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Validating the Patient Narrative When Assessing CIC

Monica Nandwani, DNP, RN, FNP-BC

Nurse Practitioner

Monica Nandwani, DNP, RN, FNP-BC: consultant/advisor/speaker: Phathom, Salix.

View ClinicalThoughts from this Author

Released: January 27, 2023

Key Takeaways

  • Effective communication with your patient can enhance shared decision-making.
  • Two models—“I’m Late” and SHARE—can be implemented to help with patient communication.

Constipation is a multisymptom condition that can include abdominal pain, bloating, distension, infrequent stools, hard stools, and straining, to name a few. Therefore, the patient’s narrative—or the history of their present illness—is critical to informing healthcare professional (HCP) decision-making and individualizing therapy.

Despite this—and the patient’s narrative being one of the most important tools in our toolbox—the literature has highlighted that, on average, HCPs interrupt their patient’s initial statement within the first 22 seconds. Therefore, we need to be mindful about allowing our patients to share their illness context, experiences, and symptoms, as well as the impact the illness is having on their lives. This will allow us to determine which diagnostic tests and treatment options would be most appropriate and provide the best path for the patient.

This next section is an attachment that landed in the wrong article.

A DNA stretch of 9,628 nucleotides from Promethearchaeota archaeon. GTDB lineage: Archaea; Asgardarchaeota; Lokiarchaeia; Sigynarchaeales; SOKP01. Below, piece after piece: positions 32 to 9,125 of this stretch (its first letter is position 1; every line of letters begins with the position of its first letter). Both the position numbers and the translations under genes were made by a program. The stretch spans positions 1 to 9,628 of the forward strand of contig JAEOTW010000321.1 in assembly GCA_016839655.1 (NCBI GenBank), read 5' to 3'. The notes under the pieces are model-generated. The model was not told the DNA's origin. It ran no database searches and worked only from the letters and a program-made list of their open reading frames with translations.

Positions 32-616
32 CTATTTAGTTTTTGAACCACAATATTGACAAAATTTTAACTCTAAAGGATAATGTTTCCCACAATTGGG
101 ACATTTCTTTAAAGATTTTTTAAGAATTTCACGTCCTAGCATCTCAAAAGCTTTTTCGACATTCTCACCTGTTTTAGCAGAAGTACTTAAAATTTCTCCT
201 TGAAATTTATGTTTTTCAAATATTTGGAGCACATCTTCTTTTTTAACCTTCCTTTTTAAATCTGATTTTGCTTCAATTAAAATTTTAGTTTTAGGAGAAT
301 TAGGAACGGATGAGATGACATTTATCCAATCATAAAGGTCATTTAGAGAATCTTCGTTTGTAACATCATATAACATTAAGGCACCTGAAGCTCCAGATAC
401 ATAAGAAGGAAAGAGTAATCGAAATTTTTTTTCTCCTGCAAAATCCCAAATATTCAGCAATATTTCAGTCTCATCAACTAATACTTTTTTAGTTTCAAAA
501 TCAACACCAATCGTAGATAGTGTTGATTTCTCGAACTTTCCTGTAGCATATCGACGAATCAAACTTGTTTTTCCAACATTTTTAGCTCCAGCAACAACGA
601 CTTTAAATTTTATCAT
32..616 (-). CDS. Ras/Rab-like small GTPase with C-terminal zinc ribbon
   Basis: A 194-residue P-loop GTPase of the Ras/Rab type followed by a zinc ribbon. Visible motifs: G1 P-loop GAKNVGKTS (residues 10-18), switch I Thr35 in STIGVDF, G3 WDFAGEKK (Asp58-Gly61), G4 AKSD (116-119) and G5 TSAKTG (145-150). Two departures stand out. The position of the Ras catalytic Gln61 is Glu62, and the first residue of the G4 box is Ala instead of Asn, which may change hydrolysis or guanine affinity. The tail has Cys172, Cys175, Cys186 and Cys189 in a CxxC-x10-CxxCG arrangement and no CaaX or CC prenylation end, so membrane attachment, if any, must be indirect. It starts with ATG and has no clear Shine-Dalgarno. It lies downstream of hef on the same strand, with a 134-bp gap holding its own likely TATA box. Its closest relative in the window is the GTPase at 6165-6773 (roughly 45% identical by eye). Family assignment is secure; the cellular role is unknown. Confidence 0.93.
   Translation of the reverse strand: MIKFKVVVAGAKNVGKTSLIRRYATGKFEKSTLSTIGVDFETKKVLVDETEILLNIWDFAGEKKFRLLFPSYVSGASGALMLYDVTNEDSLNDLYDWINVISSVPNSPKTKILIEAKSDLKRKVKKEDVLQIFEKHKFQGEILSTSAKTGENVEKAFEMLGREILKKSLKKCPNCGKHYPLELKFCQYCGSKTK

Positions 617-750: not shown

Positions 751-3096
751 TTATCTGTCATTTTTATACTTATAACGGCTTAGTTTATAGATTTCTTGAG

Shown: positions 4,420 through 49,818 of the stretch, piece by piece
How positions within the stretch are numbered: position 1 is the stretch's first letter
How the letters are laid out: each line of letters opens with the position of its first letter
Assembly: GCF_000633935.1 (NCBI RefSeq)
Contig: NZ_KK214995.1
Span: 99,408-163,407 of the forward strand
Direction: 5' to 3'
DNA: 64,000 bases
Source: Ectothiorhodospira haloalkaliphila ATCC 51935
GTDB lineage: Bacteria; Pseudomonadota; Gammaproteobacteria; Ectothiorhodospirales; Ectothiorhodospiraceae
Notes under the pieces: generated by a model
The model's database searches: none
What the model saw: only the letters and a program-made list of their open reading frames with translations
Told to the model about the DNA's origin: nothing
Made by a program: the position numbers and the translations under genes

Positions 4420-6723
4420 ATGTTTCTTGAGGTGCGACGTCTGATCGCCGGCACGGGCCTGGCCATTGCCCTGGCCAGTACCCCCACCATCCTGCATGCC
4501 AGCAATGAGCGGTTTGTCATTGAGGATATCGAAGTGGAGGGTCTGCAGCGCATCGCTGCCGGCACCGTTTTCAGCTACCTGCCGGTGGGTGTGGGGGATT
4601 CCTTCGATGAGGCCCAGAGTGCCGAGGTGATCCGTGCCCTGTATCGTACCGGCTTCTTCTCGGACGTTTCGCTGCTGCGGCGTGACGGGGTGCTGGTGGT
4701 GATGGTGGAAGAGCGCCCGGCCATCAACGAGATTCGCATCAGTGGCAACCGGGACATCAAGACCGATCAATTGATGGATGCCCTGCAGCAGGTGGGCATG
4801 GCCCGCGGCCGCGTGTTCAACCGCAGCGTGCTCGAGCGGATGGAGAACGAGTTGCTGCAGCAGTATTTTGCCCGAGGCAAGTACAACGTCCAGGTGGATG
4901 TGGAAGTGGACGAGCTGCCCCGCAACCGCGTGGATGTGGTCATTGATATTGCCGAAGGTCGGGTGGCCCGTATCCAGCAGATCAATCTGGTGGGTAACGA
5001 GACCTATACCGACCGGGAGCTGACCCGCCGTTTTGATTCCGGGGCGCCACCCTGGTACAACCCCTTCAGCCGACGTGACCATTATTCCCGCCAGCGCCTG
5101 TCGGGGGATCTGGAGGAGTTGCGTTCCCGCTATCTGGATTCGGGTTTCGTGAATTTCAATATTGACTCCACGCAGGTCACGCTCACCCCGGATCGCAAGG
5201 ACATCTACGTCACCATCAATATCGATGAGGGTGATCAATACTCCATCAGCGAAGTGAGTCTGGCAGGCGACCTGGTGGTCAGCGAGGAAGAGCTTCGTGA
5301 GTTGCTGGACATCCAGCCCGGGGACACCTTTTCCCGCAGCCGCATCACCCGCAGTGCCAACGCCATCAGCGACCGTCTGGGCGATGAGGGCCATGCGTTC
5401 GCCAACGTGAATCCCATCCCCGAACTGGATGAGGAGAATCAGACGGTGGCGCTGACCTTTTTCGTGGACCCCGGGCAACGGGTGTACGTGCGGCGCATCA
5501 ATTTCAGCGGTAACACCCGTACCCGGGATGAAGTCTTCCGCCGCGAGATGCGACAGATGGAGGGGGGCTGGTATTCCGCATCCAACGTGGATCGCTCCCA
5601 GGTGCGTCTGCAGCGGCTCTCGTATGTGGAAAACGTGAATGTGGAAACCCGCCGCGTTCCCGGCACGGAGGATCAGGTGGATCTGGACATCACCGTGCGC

Of interest, the literature also shows that if we allow our patients to share their narrative uninterrupted, they usually do not speak for more than 2 minutes. Often, we want to get this critical information, and we might interject when our patients are sharing their narrative. It is important, however, to keep in mind that if we let them speak in an uninterrupted manner, we can gather important information.

Two useful paradigms that I have leveraged to help improve the patient–HCP relationship are the “I’m Late” mnemonic from the Rome Foundation and the SHARE approach from the Agency for Healthcare Research and Quality (AHRQ).

“I’m Late” Mnemonic
The “I’m Late” mnemonic was published in the Rome Foundation working team report reviewing evidence and recommendations on communication skills and the patient–HCP relationship.

“I’m Late” stands for: